KIGALI - A report by Stockholm Environment Institute (SEI) on the economics of climate change in Rwanda has revealed that climate change has had a significant setback on the economy, especially in the past four years.
The research which was funded by the Department for International Development (DFID) assessed the impact of the various climate change conditions such as carbon emissions, droughts and floods.
The report indicates that in 2007 alone, it is estimated that the measurable economic costs for floods were US$ 4 to 22m which is equivalent to around 0.1 to 0.6 of GDP for two districts alone, excluding the wider economic costs like infrastructure damage.
“The climate change impacts are reducing GDP and generally affecting economic growth, however the steps Rwanda is taking to combat this phenomenon are worth commending,” pointed Paul Watkiss the Project Director.
Speaking to The New Times, the Permanent Secretary of the Ministry of Mines and Natural Resources, Caroline Kayonga, said they are taking the research recommendations seriously and its findings are going to significantly help them in strengthening mechanisms of combating impacts of climate change in a broader perspective.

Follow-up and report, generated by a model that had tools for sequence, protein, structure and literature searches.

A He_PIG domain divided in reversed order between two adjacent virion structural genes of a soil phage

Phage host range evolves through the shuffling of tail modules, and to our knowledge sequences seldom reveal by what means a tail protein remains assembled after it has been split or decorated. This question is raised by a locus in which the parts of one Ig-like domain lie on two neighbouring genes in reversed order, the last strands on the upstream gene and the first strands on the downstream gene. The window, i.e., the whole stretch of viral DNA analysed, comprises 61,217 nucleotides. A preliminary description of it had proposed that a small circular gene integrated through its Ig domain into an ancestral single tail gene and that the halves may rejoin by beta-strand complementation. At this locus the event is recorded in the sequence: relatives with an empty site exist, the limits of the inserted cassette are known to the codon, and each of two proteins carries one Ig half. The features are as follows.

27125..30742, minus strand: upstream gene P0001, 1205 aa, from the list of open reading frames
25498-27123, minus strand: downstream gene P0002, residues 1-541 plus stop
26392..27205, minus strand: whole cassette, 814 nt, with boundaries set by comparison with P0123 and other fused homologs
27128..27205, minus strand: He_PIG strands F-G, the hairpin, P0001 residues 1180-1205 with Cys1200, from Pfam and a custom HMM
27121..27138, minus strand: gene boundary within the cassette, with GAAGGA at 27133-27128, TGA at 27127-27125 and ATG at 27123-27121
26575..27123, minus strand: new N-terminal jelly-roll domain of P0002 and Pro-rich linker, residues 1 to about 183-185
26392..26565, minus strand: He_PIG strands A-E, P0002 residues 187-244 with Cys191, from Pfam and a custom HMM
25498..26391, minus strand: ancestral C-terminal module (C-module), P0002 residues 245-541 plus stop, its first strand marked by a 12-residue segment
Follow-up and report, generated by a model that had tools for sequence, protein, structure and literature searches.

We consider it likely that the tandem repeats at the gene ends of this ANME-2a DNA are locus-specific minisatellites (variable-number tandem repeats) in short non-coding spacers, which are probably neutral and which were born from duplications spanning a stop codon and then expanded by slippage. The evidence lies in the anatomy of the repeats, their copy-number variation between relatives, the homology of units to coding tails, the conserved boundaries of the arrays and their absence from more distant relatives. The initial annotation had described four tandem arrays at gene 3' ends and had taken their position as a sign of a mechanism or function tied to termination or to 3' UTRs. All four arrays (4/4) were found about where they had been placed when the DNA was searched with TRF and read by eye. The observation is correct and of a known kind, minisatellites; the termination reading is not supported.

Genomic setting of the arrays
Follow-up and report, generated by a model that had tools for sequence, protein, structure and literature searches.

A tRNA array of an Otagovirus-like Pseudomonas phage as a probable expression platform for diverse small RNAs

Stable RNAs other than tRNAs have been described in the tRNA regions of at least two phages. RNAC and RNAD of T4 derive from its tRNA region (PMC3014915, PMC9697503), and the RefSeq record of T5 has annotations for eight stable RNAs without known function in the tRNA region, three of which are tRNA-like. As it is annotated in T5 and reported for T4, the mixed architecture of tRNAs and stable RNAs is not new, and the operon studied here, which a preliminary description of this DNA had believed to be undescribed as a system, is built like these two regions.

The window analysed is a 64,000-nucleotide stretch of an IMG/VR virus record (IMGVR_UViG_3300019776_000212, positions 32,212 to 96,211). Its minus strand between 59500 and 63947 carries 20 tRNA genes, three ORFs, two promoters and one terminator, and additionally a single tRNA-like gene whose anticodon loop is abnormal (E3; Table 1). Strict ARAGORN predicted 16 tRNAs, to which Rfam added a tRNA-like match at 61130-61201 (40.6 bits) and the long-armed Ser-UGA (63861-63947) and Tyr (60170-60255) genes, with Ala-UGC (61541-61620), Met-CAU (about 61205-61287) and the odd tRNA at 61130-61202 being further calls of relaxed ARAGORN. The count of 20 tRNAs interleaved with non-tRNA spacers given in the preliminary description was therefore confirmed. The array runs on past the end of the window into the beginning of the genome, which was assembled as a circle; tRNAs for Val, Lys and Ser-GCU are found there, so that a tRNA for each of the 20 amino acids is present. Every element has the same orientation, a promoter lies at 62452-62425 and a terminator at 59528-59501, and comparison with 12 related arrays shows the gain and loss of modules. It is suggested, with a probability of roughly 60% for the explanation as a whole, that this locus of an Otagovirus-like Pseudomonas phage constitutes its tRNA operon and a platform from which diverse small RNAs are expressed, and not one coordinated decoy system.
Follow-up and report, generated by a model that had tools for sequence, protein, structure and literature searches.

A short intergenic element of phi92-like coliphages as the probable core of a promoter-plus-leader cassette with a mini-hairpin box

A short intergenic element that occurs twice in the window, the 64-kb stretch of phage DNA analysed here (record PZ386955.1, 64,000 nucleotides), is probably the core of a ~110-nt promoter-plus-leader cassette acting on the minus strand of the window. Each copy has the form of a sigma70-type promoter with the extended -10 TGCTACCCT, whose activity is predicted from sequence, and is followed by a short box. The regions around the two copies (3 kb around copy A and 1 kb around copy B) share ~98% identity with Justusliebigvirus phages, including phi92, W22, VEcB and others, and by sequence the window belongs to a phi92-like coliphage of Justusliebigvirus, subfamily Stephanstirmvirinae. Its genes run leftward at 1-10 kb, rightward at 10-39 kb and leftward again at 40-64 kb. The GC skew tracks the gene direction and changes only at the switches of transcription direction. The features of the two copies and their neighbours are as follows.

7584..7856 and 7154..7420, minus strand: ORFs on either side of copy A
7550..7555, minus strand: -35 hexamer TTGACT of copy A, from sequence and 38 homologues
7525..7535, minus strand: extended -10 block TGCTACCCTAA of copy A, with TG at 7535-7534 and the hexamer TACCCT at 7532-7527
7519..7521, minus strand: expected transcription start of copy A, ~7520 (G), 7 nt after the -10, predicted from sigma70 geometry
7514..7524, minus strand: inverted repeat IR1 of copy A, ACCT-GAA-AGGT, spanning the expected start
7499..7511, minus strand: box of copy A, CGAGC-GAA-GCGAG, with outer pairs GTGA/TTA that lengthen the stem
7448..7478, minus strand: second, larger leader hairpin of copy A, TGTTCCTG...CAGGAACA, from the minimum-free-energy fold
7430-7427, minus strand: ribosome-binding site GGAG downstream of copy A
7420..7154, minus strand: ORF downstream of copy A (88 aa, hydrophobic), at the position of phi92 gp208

“We are taking the recommendations and findings of this report, there are already things we have done and others are underway in line with combating climate change and we believe this report is going to help us strengthen our efforts and strategies.”
The impacts of climate change are cross-cutting and have been felt by various sectors including agriculture, health, energy and a significant effect on the existing eco-systems.
It is estimated that climate change could increase the rural population at risk from malaria by 150 percent by 2050, and the disease burden could lead to full economic risks that are over US$50m per year.
According to the report, future economic costs of climate change are very uncertain, however, aggregate models indicate that the additional net economic costs could be equivalent to a loss of almost of 1 percent of GDP each year by 2030.
The recommendations include building adaptive capacity, focusing on win-win or low cost measures, strengthening the already existing campaign to further lessen carbon emissions in the short term and in the future.
Developing countries need over US$30 bn annually to deal with effects of climate change.
The report comes only 12 days to the much awaited Copenhagen convention on climate change mitigation.